- Conway, Kevin W.; Chen, Wei-Jen; Mayden, Richard L. (2008). "The "Celestial Pearl danio" is a miniature Danio (s.s) (Ostariophysi: Cyprin- idae): evidence from morphology and molecules" (PDF). Zootaxa. 1686: 1–28.
- Fang, F., Norén, M., Liao, T. Y., Källersjö, M. & Kullander, S. O. 2009. Molecular phylogenetic interrelationships of the south Asian cyprinid genera Danio, Devario, and Microrasbora (Teleostei, Cyprinidae, Danioninae). Zoologica Scripta 38:237–256.
- Clarke (2007a)
- "harbourtbutleri" in Roberts (2007) is a lapsus.
- Clarke (2007a) mentions Danio sondhii, but not Microrasbora and Channa; it is not clear on what data this information is based.
- Official exchange rate of January 21, 2008, as per XE.com Universal Currency Converter.
- Hellweg (2007)
- Clarke (2007c)
- celestialpearldanio.com (forum)
- Froese, Rainer and Pauly, Daniel, eds. (2016). "Danio margaritatus" in FishBase. April 2016 version.
- Clarke, Matt (2006): The next big thing: Microrasbora sp. Galaxy. Pract. Fishkeeping Version of September 9, 2006. Retrieved August 12, 2012.
- Clarke, Matt (2007a): Galaxy rasbora under threat. Pract. Fishkeeping Version of February 5, 2007. Retrieved August 12, 2012.
- Clarke, Matt (2007b): Galaxy rasbora placed in new genus. Pract. Fishkeeping Version of February 28, 2007. Retrieved August 12, 2012.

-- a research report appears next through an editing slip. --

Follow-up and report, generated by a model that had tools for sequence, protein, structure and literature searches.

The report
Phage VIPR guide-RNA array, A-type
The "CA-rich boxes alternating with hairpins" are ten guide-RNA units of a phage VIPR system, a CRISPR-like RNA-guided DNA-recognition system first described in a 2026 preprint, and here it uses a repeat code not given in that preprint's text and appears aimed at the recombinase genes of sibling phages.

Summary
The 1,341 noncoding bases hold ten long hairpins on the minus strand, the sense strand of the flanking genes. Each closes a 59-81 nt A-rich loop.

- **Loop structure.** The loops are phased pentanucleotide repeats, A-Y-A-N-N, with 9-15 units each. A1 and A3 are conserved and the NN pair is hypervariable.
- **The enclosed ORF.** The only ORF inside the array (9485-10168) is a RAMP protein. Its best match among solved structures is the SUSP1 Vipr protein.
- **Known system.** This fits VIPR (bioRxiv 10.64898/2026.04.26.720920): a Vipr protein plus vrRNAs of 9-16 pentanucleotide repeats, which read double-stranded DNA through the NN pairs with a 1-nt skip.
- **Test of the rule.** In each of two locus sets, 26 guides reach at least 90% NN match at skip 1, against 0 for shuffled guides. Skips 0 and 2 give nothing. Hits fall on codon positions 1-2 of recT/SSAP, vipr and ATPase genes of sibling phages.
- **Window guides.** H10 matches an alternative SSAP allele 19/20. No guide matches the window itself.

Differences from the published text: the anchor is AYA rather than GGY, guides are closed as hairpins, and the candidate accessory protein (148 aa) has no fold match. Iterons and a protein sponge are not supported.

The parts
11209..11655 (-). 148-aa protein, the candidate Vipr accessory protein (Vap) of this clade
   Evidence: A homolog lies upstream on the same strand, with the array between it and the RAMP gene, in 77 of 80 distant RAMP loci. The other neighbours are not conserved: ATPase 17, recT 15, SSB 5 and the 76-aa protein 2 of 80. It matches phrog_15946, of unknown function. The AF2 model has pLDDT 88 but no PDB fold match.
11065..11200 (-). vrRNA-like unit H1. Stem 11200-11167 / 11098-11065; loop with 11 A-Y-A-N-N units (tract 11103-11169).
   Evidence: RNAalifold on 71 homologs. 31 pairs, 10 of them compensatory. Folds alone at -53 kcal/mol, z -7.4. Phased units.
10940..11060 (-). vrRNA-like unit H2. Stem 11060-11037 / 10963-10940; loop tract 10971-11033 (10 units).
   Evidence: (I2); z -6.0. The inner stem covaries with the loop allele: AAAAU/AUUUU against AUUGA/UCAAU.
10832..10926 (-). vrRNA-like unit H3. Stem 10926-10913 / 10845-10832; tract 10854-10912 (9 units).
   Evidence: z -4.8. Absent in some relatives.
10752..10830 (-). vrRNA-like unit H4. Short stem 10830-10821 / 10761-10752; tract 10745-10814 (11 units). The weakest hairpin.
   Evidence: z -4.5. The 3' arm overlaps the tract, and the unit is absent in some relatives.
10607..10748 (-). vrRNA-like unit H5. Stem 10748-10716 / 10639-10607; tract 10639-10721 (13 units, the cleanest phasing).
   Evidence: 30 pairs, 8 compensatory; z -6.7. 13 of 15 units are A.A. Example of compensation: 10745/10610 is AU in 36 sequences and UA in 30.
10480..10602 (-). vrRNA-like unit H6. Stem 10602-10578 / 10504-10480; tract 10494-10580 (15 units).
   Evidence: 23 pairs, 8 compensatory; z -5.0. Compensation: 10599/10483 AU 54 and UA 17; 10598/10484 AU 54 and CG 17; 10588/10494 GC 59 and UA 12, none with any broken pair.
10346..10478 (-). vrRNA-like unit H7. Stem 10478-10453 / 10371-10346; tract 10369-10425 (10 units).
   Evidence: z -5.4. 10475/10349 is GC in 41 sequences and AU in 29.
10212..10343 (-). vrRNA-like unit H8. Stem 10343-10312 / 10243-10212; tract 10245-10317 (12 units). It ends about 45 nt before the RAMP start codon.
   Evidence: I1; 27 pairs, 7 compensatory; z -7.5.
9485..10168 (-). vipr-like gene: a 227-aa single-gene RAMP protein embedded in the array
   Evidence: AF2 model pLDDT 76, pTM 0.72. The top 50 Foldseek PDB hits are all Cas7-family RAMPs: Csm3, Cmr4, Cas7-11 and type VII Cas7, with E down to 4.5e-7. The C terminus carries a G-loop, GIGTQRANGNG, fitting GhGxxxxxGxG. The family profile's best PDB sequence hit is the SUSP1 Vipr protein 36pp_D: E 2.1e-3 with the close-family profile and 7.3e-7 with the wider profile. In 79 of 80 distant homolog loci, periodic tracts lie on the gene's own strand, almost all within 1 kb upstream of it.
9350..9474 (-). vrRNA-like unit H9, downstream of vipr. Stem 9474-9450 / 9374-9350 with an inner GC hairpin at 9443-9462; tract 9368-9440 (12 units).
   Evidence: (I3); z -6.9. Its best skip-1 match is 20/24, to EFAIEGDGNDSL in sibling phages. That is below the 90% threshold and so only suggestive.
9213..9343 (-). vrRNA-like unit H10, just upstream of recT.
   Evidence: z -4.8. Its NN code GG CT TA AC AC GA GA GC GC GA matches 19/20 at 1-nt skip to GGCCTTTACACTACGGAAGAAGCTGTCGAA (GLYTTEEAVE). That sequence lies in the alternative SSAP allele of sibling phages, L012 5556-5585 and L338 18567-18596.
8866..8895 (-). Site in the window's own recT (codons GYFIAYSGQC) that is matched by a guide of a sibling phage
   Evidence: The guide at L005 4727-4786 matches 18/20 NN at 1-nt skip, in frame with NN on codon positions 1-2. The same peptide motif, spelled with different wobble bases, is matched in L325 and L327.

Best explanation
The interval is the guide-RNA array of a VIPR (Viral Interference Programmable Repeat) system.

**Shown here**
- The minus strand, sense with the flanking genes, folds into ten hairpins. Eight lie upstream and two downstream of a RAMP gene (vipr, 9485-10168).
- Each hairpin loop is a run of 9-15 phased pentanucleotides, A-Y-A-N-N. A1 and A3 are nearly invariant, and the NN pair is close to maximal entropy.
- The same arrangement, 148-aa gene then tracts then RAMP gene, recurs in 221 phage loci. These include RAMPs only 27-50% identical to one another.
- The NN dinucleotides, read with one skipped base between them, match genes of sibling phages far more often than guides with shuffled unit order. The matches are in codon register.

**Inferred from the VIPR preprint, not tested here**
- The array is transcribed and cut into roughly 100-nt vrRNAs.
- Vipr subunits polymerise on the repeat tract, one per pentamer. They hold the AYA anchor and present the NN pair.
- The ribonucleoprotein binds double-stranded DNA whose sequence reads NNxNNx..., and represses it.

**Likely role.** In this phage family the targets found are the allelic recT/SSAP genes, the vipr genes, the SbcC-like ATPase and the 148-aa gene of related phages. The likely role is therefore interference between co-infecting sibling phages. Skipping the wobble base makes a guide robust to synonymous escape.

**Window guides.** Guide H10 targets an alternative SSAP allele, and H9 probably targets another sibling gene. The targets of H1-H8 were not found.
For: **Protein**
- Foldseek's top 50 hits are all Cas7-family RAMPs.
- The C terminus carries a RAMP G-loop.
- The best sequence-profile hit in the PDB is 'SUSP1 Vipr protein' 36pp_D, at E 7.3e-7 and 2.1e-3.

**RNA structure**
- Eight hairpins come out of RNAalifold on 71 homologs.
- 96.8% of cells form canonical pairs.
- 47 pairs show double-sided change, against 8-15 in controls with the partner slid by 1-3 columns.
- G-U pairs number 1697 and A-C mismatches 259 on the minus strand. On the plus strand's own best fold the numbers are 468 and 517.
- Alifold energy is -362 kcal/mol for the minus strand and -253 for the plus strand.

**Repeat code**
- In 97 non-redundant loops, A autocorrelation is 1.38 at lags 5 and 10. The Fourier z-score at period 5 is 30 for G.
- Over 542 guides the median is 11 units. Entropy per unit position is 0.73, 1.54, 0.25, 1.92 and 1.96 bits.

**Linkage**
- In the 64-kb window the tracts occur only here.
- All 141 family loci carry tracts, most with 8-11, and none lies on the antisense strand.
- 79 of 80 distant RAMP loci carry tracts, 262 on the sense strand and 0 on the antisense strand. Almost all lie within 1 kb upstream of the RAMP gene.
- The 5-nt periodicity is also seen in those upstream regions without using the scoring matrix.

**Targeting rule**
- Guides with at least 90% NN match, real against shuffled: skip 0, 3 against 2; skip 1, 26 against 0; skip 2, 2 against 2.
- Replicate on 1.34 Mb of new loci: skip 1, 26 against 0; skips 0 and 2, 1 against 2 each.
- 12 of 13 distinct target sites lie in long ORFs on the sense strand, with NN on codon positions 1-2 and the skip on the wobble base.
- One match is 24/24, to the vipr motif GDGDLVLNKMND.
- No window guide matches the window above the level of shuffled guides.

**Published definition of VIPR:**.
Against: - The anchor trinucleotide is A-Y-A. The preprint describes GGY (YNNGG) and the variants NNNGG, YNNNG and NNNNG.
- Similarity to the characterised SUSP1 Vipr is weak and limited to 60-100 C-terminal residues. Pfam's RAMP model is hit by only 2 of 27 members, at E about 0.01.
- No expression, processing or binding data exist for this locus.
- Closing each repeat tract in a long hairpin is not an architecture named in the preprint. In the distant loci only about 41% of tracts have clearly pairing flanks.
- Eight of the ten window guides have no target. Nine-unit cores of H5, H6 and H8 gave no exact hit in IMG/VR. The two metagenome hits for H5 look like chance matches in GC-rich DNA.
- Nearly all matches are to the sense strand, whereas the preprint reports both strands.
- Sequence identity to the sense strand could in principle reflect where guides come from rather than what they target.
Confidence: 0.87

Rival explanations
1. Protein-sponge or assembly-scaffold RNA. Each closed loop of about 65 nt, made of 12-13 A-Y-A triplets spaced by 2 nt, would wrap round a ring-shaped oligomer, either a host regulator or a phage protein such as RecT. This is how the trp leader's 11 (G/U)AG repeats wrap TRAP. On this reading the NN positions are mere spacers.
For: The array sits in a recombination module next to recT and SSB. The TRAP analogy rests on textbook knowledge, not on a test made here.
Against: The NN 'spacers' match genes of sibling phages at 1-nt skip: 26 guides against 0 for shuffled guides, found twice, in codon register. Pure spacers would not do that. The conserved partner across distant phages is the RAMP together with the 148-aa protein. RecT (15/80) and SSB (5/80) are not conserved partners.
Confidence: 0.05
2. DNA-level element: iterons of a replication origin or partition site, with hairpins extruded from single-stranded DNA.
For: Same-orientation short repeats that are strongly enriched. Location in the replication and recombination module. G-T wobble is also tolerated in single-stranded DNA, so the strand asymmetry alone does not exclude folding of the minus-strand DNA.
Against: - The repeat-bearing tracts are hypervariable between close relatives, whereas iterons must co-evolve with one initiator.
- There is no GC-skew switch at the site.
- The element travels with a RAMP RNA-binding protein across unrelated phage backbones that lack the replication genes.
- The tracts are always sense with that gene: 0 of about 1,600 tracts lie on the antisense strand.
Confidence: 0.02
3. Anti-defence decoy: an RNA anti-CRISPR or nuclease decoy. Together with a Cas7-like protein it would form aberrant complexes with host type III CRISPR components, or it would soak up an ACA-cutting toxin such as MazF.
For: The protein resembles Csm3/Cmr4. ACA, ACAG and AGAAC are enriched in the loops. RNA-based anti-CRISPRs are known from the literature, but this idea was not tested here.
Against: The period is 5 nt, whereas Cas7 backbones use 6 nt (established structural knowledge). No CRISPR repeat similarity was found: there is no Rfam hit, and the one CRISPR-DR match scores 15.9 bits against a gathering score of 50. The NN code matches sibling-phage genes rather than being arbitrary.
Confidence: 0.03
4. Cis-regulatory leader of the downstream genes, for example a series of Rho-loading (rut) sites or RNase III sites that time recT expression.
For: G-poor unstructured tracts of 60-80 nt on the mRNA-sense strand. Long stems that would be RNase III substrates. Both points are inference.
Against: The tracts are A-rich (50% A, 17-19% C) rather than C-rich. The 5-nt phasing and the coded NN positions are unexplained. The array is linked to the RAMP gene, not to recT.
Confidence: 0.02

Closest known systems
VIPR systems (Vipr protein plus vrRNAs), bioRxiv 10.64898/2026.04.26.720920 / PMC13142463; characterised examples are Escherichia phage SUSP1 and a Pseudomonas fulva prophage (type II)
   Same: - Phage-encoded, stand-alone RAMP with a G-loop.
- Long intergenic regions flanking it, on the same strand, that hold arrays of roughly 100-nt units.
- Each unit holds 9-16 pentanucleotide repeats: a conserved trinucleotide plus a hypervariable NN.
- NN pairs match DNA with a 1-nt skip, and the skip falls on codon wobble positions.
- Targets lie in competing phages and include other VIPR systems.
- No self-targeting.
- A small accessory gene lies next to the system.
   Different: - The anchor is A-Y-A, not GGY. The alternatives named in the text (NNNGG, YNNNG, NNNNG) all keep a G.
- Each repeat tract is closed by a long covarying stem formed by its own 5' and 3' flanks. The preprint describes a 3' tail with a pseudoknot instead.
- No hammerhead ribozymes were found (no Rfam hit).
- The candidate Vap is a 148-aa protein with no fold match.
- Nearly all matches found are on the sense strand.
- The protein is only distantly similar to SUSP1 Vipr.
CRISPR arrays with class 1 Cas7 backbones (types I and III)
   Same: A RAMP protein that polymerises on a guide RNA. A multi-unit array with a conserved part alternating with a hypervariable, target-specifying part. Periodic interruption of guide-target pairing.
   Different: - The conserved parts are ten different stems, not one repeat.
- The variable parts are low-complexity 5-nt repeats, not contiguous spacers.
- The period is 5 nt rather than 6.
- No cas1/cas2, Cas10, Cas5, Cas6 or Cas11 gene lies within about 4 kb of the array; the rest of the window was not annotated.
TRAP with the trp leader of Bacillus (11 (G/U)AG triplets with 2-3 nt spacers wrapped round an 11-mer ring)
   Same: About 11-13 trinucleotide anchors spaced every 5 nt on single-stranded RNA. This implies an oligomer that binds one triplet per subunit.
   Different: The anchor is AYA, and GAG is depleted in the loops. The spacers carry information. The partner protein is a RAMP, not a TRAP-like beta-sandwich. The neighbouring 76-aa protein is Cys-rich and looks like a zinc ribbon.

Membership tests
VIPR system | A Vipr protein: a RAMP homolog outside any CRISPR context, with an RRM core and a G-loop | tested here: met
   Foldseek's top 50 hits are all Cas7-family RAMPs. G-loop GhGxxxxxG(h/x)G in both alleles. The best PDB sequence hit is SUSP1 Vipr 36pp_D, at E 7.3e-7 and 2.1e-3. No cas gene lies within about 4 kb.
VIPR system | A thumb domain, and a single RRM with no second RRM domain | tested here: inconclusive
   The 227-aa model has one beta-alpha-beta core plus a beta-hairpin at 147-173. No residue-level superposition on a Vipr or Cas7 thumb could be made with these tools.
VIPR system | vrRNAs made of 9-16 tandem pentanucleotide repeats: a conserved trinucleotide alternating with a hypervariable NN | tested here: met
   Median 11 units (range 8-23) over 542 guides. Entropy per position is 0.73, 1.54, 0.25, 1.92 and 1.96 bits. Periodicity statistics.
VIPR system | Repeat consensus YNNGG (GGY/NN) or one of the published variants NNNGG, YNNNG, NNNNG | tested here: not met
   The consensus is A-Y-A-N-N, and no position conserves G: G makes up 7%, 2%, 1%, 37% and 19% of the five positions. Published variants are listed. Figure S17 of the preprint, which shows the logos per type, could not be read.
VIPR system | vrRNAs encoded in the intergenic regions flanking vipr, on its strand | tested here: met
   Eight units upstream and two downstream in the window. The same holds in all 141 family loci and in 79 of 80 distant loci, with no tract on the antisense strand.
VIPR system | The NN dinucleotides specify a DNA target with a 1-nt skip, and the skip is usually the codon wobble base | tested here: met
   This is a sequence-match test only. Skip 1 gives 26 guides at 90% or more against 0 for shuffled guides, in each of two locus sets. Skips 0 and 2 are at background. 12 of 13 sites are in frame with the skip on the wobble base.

- Clarke, Matt (2007c): New populations of Celestichthys discovered. Pract. Fishkeeping Version of June 5, 2007. Retrieved August 12, 2012.
- Mayden, Richard L.; Tang, Kevin L.; Conway, Kevin W.; Freyhof, Jörg; Chamberlain, Sarah; Haskins, Miranda; Schneider, Leah; Sudkamp, Mitchell; Wood Robert M.; Agnew, Mary; Bufalino, Angelo; Sulaiman, Zohrah; Miya, Masaki; Saitoh, Kenji & He, Shunping (2007): Phylogenetic relationships of Danio within the order Cypriniformes: a framework for comparative and evolutionary studies of a model species. Journal of Experimental Zoology B: Molecular and Developmental Evolution 308B(5): 1–13. doi:10.1002/jez.b.21175 PMID 17554749 (HTML abstract)
- Roberts, Tyson R. (2007): The "Celestial pearl danio", a new genus and species of colourful minute cyprinid fish from Myanmar (Pisces: Cypriniformes). Raffles Bulletin of Zoology 55(1): 131–140. PDF fulltext
- Hellweg, Mike (2007): The Celestial Pearl Danio: A Cautionary Tale Tropical Fish Magazine Published July 2007. Retrieved August 12, 2012.
- celestialpearldanio.com: Home Sweet Home: History and Habitat of the Celestial Pearl Danio Retrieved August 12, 2012.
- celestialpearldanio.com (forum): Celestial Pearl Danio Information and Breeding forum. Retrieved August 12, 2012.